Legal Community’s Opposition To Court Realignment Mounting

(March 27)  Nine former presidents of the Western San Bernardino County Bar Association and two former San Bernardino County Superior Court judges have joined the growing chorus of legal professionals who have taken a public stand in opposition to current San Bernardino County Superior Court Presiding Judge Marsha Slough’s announced realignment of the county court system.
The realignment will entail transferring all civil cases countywide to the new San Bernardino Justice Center, an eleven story edifice with 35 courtrooms now in the final stages of completion. In addition, San Bernardino district criminal cases, now being heard in the San Bernardino Central Courthouse built in 1927, will be tried in the new San Bernardino Justice Center.
West Valley Superior Courthouse in Rancho Cucamonga, which currently is the venue for both civil and criminal cases originating on the west end of the county, will be devoted primarily to criminal cases, including those arising on the county’s west end and other felony and misdemeanor cases from the county’s central district which are currently routed to the Fontana Courthouse.  A small portion of the criminal cases now heard in Fontana will be adjudicated in San Bernardino. At least temporarily, hearings on both civil and domestic violence restraining order matters will be heard at the Rancho Cucamonga Courthouse.
The historic San Bernardino Courthouse will remain as the forum for the family law cases it currently hosts and will soon serve as the venue for the family law cases presently heard in Rancho Cucamonga.
The Fontana Courthouse will become the stage for all small claims, landlord tenant disputes and traffic/non-traffic infractions from the San Bernardino, Fontana and Rancho Cucamonga districts. The lion’s share of criminal cases now being heard in Fontana will transfer to Rancho Cucamonga. A lesser number of the Fontana criminal cases will go to San Bernardino.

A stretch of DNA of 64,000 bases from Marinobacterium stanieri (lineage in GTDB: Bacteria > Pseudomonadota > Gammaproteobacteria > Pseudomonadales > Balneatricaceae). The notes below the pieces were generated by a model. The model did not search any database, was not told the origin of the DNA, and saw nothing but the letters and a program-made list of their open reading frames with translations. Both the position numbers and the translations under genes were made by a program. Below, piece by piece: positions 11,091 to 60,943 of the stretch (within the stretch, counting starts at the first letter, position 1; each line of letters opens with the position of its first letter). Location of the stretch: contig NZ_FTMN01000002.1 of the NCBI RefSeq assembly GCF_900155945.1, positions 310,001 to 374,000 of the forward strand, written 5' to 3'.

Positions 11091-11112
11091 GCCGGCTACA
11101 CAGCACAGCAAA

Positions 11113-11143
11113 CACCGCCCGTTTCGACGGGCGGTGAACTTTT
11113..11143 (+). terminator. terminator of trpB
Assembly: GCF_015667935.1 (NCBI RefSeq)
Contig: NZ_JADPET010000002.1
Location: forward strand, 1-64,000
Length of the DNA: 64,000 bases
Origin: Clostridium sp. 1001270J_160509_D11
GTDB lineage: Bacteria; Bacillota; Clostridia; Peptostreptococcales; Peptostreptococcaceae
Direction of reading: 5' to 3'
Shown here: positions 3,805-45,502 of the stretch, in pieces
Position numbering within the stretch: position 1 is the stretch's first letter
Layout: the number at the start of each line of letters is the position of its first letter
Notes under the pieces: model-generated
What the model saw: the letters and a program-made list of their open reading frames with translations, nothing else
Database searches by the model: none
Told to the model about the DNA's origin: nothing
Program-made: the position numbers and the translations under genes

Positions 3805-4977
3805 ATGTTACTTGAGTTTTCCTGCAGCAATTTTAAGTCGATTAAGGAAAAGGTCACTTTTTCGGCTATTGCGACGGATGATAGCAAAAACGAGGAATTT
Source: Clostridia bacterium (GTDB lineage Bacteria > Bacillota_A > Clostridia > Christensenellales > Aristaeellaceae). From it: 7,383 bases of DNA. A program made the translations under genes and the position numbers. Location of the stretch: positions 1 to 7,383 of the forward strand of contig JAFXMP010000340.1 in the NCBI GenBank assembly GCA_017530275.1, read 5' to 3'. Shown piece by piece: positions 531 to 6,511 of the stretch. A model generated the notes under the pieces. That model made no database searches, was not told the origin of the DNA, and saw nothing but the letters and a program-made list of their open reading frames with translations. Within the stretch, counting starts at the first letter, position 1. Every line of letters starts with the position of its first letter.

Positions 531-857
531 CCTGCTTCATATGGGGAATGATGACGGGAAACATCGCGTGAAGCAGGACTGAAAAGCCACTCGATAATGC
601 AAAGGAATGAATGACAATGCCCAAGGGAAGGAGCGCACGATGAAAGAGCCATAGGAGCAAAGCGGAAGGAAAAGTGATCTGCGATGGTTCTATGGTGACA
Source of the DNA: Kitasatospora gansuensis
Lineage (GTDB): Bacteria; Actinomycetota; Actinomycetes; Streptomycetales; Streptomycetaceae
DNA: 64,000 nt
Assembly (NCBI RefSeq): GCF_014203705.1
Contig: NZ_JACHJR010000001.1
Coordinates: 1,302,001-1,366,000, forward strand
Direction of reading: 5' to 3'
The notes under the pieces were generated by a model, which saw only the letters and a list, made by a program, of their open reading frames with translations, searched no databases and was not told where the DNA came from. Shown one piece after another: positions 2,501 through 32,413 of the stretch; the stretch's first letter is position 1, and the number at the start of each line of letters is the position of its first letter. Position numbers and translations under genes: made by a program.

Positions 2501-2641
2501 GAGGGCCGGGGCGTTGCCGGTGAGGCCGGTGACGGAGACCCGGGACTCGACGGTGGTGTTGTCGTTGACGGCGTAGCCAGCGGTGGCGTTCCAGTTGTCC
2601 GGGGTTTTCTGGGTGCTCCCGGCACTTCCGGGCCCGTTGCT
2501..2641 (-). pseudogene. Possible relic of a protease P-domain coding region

The Victorville Courthouse will remain a venue for High Desert family law cases.
Slough, who formulated the realignment plan in conjunction with former assistant presiding judge Larry Allen, former county courts executive officer Stephen Nash and current county courts executive officer Christina Volkers, said the realignment, which is to go into effect in May, is necessitated by the state’s severe and ongoing cuts to the court system, which included a nearly $11 million reduction in fiscal 2009-10, a $5 million reduction in 2011-12,  and a whopping $19 million reduction in 2012-13.  In the current year and next year, the court system  in San Bernardino County is to function on identical $98 million annual budgets, which Slough said is greater than the allotment in 2012-13, but still $12 million less than what it had to run its affairs in 2008-09.